This is your base speaking. Demographically speaking, I mean. I’m a white, middle-class, college-educated, Republican-turned Democrat (thanks, Sarah Palin!) woman who voted for you in 2008 because I absolutely supported your concern for those marginalized by the Great Recession, and your emphasis on providing jobs through investment in infrastructure and recognition that our hope for the future lies in providing excellent, affordable education for our youth. And I agreed with your strong statements of support for Social Security as we know it.
I read and I listen, and I am deeply concerned about various actions you have taken in contrast to your earlier promises. I can only guess at the minefields you negotiate every waking hour—powerful interest groups from the NRA to the radical Republicans who want to continue the fiscal policies that created the recession in the first place, to people in your own party who just want to get reelected. But you are our President, and I depend on you to be wise and strong enough to stand up to these special interests—whatever the cost.
As you well know, your most dependable allies are wondering where you stand on Social Security. The willingness of Republican candidates to balance the budget on the backs of the elderly, children, and the poor is anathema to us, and we are anxiously awaiting a strong statement from you that you are sticking by the position you held as a candidate in 2008.
A few of us remember that you said, as a presidential candidate, that Social Security did not contribute to the deficit. As far as adjustments that could be made, you stated in an October 16, 2008, campaign video, “The best way forward is to first look to adjust the cap on the payroll tax… Ninety-seven percent of Americans will see absolutely no change in their taxes under my proposal…. What it does allow us to do is to extend the life of Social Security without cutting benefits or raising the retirement age.”
That resonates with me, Mr. President. In my opinion, you could do a great service to the nation by explaining, in that effective way you have, just what happened to the Social Security trust fund during Lyndon Johnson’s presidency when he was faced with paying for both the Vietnam War and the Great Society. And you could tell the public how every president since has included Social Security and all of the other trust funds in their proposed budgets. I explained this in a blog entitled “Social Insecurity” back in May, but if you were to explain the matter yourself, your audience would be vastly greater.
You would not only make me happy—Senator Bernie Sanders (I-VT) would be overjoyed. He is a vocal supporter of Social Security in largely its present form, but he agrees with you that it would be appropriate to raise the cap on income subject to the Social Security tax so the wealthy will be paying their fair share. At the same time, you could lend your support to the Senator’s Middle-Class Tax Relief Bill (S3412) that, remarkably, just passed the Senate but has little chance in the House.
On second thought, you’d better leave well enough alone. How many times have people supported legislation only to abandon it when you showed your support? Politics!!!
Mr. President, to wisely conduct your office, you must be a student of history. In this regard, I call your attention to Robert Caro’s estimable biography of Lyndon Johnson. You awarded Mr. Caro the National Humanities Medal for his work, so you are surely aware that he wrote as much about the foundational principles of our nation’s government as he did (and continues to write) about his human subject.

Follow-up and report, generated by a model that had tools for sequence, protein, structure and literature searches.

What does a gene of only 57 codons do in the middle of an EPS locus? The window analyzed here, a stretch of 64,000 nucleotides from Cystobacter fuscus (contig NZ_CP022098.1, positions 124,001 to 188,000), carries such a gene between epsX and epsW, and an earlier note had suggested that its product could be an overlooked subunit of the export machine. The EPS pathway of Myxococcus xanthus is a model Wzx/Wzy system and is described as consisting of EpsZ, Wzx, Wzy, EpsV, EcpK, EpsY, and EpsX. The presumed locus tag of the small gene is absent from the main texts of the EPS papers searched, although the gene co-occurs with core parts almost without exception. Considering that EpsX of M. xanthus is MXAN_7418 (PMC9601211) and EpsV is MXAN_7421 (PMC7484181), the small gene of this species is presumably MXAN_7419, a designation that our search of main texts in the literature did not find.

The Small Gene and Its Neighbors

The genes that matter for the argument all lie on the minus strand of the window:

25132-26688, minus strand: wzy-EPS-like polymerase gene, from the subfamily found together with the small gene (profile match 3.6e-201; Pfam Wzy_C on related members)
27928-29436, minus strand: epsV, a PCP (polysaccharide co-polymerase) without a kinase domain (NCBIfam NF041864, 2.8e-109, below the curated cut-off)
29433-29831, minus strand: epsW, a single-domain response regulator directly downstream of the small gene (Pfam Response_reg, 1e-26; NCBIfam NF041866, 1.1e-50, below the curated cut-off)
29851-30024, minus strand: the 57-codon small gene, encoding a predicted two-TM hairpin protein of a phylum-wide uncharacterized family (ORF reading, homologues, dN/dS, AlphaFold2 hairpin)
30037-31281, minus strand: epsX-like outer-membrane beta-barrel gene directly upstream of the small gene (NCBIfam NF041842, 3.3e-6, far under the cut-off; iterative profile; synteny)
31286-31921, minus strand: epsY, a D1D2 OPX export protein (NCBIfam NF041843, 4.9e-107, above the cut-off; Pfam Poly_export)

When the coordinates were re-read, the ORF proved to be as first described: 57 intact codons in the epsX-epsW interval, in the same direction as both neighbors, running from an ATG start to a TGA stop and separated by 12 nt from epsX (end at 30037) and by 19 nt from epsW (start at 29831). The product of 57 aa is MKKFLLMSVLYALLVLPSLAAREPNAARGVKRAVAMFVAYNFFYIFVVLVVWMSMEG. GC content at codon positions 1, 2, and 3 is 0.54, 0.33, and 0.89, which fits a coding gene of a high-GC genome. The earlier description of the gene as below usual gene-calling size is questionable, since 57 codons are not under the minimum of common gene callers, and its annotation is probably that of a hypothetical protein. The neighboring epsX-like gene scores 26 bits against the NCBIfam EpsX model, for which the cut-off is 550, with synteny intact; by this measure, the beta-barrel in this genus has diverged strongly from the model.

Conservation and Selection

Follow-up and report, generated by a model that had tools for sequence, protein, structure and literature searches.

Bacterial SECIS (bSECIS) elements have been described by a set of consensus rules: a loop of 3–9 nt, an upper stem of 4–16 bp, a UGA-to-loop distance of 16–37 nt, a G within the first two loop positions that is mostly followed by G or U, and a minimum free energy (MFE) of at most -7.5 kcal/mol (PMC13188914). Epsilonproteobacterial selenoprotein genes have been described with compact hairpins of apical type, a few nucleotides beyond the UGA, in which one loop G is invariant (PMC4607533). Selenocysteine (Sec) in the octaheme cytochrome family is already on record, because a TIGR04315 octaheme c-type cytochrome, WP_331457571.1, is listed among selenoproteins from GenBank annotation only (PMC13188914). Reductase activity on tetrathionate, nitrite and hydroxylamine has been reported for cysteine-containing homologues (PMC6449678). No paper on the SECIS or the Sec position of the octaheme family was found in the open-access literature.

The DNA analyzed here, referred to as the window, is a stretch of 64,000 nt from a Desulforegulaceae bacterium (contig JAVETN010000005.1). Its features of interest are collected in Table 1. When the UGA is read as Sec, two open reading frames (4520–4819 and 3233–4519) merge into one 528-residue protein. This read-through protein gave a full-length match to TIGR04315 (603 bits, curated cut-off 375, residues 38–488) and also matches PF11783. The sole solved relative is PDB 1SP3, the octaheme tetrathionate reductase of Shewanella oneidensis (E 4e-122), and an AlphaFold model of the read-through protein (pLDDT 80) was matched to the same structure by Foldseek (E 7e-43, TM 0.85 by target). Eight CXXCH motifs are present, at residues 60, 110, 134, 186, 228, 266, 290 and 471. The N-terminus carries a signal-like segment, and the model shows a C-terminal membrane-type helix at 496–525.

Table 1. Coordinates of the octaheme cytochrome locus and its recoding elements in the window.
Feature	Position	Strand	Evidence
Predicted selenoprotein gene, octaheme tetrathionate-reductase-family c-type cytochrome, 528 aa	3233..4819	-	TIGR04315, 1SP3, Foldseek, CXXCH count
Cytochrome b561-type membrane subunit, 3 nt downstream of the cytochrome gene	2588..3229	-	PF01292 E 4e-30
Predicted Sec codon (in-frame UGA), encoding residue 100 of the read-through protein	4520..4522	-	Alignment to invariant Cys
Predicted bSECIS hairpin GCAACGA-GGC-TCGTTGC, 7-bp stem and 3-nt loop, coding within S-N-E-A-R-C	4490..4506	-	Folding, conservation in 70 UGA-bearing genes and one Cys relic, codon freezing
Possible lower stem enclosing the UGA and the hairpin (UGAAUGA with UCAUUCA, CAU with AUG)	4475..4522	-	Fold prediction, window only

Perhaps you recall his account of President Harry Truman’s response to the reactionary, obstructionist Senate of the late 1940s which refused to pass progressive legislation when it was sorely needed. In a political climate that recalls our own, “Journalists discussed the institution in clichés: ‘The inefficiency of Congress is a national scandal.’ (The Years of Lyndon Johnson: Master of the Senate, page 101)
President Truman, also known as “Give ‘em Hell Harry,” embarked on a national campaign against the “Do Nothing Eightieth Congress.” The Senate remained insular, at the time, due to its historic protective structure, but eventually it had to respond to the public outcry articulated by a man of social conscience, a man such as yourself.
President Obama, these times call for another “Give ‘em Hell” president. When the middle class is being assaulted by economic forces beyond their ability to endure, they need a champion willing and able to stand up to the powerful interests of the most wealthy. Like Harry Truman, you are knowledgeable, you are articulate, you have a social conscience. From the beginning of your public service, you have been a spokesman for those who couldn’t speak for themselves. Because of this you are under widespread attack. You know your reelection is at stake. Your advisors are doubtless trying to modulate your message and steer you away from controversial subjects.
But if “politically correct” influences succeed in tailoring your message to the point that it doesn’t conflict with the Republican platform, you will alienate the young, the idealistic, the independent voters who brought you into office with confidence for a better future.
Stay strong, Mr. President! Speak your heart! We have your back!
What can you do—you are only one person? True, but you are only “six degrees of separation,” on average, from any other person on Earth. You become powerful when you share information with your friends and ask them to share it with their friends—it becomes a global revolution. As Stephen King suggests in The Long Walk, when these “society-supported sociopaths” come, step aside, and find the strength to run…